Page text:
It is not just at this stage that the opinions of others are especially helpful, as they always are. When you print off the list in the first place, you will probably take it with you to the Release Events or to subsequent tournaments. In the hours it takes to drive with teammates to events and PTQs, it never hurts to have a printout of the Limited environment or latest decks to discuss to both while away the journey and give you all a deeper insight to the format. Many great revelations come from an extended discussion about how certain cards or colours interact. Never fear to address the opinion of a friend or of a revered person; even if you initially disagree, file it away and examine it from other angles, even if they are still wrong and you are still right, there will probably be something to learn from the viewpoint they took.
Finally, once you have a good grasp of how all the pieces of the common puzzle fit together, it is time to venture onto the uncommons and rares. It is worth a rudimentary knowledge of these whilst you were fitting together the colours, as there might be some uncommons you can expect to pick up late in a particular archetype or that if opened might suggest you go a particular way.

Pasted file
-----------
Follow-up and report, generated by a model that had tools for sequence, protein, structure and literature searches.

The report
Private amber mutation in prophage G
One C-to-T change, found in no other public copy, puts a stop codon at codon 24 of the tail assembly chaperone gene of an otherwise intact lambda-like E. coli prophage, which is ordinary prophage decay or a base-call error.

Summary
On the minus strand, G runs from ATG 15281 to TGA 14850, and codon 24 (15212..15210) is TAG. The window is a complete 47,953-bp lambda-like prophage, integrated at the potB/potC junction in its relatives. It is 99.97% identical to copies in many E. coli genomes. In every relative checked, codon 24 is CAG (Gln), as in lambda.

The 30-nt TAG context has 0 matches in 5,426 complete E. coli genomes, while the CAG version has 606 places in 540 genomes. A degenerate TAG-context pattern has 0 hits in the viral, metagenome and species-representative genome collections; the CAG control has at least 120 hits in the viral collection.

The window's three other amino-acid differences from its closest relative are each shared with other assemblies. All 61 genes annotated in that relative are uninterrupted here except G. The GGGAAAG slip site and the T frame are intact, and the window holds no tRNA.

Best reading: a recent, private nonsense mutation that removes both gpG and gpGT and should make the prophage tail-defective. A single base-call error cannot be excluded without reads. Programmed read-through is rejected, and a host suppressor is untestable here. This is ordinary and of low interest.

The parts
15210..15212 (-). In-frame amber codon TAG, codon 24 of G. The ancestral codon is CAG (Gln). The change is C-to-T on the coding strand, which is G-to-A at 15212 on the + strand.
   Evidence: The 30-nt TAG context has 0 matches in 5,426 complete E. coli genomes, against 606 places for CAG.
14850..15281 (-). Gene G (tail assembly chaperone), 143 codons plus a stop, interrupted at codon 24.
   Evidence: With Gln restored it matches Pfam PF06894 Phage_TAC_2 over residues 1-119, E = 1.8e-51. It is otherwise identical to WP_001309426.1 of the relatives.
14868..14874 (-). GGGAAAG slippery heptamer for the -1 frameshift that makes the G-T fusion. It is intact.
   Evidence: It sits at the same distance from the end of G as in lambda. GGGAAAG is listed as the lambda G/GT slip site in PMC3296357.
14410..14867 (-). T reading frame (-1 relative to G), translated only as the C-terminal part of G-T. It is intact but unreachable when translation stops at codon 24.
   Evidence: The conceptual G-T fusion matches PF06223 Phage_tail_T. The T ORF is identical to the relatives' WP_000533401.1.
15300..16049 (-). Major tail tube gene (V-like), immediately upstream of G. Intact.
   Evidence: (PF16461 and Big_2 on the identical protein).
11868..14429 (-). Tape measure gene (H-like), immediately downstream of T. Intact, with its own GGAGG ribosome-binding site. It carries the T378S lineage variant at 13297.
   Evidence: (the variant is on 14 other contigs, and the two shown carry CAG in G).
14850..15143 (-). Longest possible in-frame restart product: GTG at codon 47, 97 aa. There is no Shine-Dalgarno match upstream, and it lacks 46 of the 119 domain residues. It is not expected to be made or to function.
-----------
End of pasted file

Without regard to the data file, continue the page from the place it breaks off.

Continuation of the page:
These cards tend to be more powerful than the commons, so it is equally important to remember the effects of all the tricks here too. I will soon be dipping into the tribal aspect of the format, and it is the uncommons and rares that tend to play the biggest part. It is the strength of a tribal non-common that you pick it high enough and early enough so that you get into a specific tribe to pick up the good cards in it.
To start with, it might be best to try and go as deep as possible into a tribal archetype, to see how powerful they are when you really go all-in. If it's not that amazing, as I suspect might be the case (I think this set will hopefully be balanced enough so that non-tribal decks can beat tribal decks but it will be close), then the best thing to do will be to draft with tribal / colour combinations in mind and do the best you can when combined with the signals coming from your right. On the flip side, there may well be too much synergy within some of the tribes to be able to safely forsake them without giving up too much power. Changelings will probably be very strong picks as they will benefit every tribal card you have. These don't seem like the most revealing statements, so let's examine how best to ascertain the specifics.